Wortzmans’ tradition at this time of the year is to look back on the developments in e-discovery and information governance over the past twelve months, and to gaze into the future to 2016.
As we predicted last year, cybersecurity has moved from being an issue for the IT backrooms to an issue for the boardrooms. The number of breaches, and the financial and reputational consequences, is increasing. As a result, the focus of many organizations has been expanded to include information governance as part of their cyber-security strategy.
Last year we predicted that the failures in records classification would begin to be addressed by advances in software that would auto-classify records. We have seen some movement in this area with a number of promising software solutions entering the marketplace. We are keeping this one on the radar for 2016.
Our third prediction for 2015 was that TAR (technology assisted review) would become much more common in medium to large e-discovery matters. It has. These new tools, in the hands of skilled review teams, are generating big savings.
Other developments of note this past year included the update to the Sedona Canada Principles, Safe Harbor being replaced by swirling uncertainty, and an international focus on the protection of personal information.
What do we predict for 2016? Here are our annual predictions for the coming year:
We look forward to working with you in 2016.
Excel has often been the black sheep in disclosure. Many document exchange protocols recommend requiring spreadsheets in native format, even when the rest of the disclosure is in image format (.TIFF). The justification for this is often based upon the fact that, when printed, the formulae in a spreadsheet do not display, and spreadsheets rarely fit well on a printed page.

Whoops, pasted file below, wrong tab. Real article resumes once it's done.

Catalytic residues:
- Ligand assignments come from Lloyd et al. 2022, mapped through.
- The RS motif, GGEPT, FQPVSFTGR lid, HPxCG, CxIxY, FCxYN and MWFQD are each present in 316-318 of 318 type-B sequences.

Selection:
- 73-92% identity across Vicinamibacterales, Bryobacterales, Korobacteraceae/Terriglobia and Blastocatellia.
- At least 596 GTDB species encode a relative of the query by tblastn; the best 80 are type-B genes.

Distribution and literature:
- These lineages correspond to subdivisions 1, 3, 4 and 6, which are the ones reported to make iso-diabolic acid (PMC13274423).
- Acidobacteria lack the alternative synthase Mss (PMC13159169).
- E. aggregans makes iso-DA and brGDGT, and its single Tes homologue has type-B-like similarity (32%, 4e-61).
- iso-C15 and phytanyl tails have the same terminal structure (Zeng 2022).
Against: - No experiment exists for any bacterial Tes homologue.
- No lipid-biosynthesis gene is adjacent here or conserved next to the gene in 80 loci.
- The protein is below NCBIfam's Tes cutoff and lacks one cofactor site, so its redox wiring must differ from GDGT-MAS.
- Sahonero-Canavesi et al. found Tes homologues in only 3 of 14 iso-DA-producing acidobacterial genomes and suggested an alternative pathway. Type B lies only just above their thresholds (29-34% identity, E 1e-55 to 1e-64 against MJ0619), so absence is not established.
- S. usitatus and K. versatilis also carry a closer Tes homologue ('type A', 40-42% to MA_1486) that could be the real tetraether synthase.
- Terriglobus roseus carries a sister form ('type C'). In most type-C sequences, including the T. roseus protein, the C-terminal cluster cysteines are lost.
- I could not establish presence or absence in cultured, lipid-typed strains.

There is a much more sinister side to spreadsheet review: hidden content. With one right click on a column or row header, or a sheet tab, the “Hide” option can be selected, which immediately makes that content invisible on the screen. The only evidence of the disappearance is a missing column, row or sheet number, which is not that obvious in review. Granted, it just takes one right click to select “Unhide” but how often are your reviewers doing that?
Another nasty little secret in Excel is the ability to conceal the content of a single cell. This requires selecting the cell, using the “Format Cells” function, selecting “Custom”, and typing “ ;;; “ into the function box. The content of the cell disappears, but the cell remains. This is much harder to identify in review.
The good news is that this hidden content is not hidden from the indexing process, and a quick look at the extracted text will reveal what was hidden. That step is strongly recommended as part of spreadsheet review.
So, the next time you come across an Excel spreadsheet, think twice before skipping over the blank space. You may find something naughty or nice hidden there.
Dr. Ann Cavoukian, now Director of the Privacy and Big Data Institute at Ryerson University, is a long-time advocate for the protection of privacy and the protection of information in the digital age. In her December 9th op ed piece in the Globe and Mail, she highlights the benefits of uncompromised encryption in the protection of democracy.
Law enforcement agents now can trace digital communications for the purposes of prosecution and crime prevention. Modern communications, however, are often encrypted, and the only way to decipher them is to have a key. The key is held by the parties to the communication. In the face of atrocities like the Paris attack and the one in San Bernardino, there is mounting pressure on encryption providers to build alternate decryption “back doors” into their software so that that the encryption is not a barrier to investigation.
Ann Cavoukian says this is misguided. First, a back door would apply to all of the providers’ clients, opening up the possibility of unfettered state access to citizens’ communications. Second, hackers and cyber criminals will take great pride in picking the back door lock – further compromising our privacy and security. Ultimately Dr. Cavoukian makes the case that there is much more harm to be done by requiring back door decryption than good, and that a free and democratic society depends on the protection of privacy and personal information. Yes, she argues, let’s get the bad guys, but not at the expense of our digital privacy.